Below is the first part of our conversation with Jim Abdo, owner of Abdo Development and builder of the next luxury condo building on Clarendon Blvd called Gaslight Square. Check back later in the week for part two of the conversation, to see floor plans, and hear about ways the building is more efficient than most.
Why are you calling this your 'greatest hits' project?
Gaslight Square is everything I've learned in development over the last twenty years. We studied the unit types that have the highest absorption in the market and the ones that sell for the highest price. That is just the economic point of view. We also looked at the funnest, coolest, hippest units that we love the most. I call it the "ooh-ahh" factor. During the building boom there were a lot of vanilla box products hitting the market. All of those were designed for investor demand and people were buying them like they buy stocks. Our product has always been designed for the end user—the people who are actually going to live in it.
What 'greatest hit' have you had the most success with?
Lenders and buyers are always concerned with square footage or FAR (floor area ratio), but I have the concept of cubic footage. When we re-design old schools, convents, even old Victorian houses we are always looking for how to create interior height. I'm interested in volumetric space. A lot of lenders don't like that because how do you put a price on air? Early in my career I financed a lot of projects myself because I had to prove that this concept—the concept of drama—would sell. The higher priced units in Gaslight have ceilings nineteen feet high and even the flats have ten-feet high ceilings. When it came time to finance Gaslight senior lenders would all tell me that they love the design, but they were worried about the penthouses. There were too many of them (approximately twenty-seven) and they are all double-height, which is expensive. I told the lenders that those units were the ones that would sell first and so far we have sold $12 million worth of them.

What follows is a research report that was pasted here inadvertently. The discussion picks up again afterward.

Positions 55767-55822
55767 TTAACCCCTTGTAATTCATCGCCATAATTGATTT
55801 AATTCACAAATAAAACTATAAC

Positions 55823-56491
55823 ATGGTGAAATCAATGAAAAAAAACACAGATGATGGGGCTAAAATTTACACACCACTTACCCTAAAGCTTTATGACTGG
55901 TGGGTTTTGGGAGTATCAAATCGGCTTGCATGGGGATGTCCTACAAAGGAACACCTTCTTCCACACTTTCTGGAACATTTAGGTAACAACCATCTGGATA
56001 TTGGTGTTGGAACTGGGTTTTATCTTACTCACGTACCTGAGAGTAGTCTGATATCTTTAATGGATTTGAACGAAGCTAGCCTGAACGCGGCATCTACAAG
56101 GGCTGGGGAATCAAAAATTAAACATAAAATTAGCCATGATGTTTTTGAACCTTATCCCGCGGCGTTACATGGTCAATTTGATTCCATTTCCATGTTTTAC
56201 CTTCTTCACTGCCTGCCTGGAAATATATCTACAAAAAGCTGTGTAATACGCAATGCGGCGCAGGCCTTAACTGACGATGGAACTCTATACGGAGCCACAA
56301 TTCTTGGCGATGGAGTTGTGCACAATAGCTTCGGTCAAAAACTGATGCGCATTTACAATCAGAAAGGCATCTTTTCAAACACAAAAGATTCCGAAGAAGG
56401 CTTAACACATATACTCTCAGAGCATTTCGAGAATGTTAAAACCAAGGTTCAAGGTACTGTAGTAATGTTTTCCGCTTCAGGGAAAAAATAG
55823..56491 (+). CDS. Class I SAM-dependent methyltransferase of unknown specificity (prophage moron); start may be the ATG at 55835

Tell us about the structure of the building.
Since the building is only five stories high it could be built out of wood frame, instead of concrete and steel. Maybe ninety-nine out of a hundred builders would do that, but I don't like that concept. The noise transfer between walls is high, the floors move, you can have nails sticking out of sheet rock. Also I don't like the image that stays in my head when I drive past a stick-built job in February and all the wood is there soaking wet.
Gaslight is a set of three buildings that will be built in eight unit sections, with an elevator straight down the middle. Residents can pull into their private parking space, swipe their card in the elevator and zoom directly into their unit. There are no hallways or concierge desk. People will own their own floor, front to back.
Check back in later in the week when Jim Abdo tells us more details about the interior space and we look at some floor plans.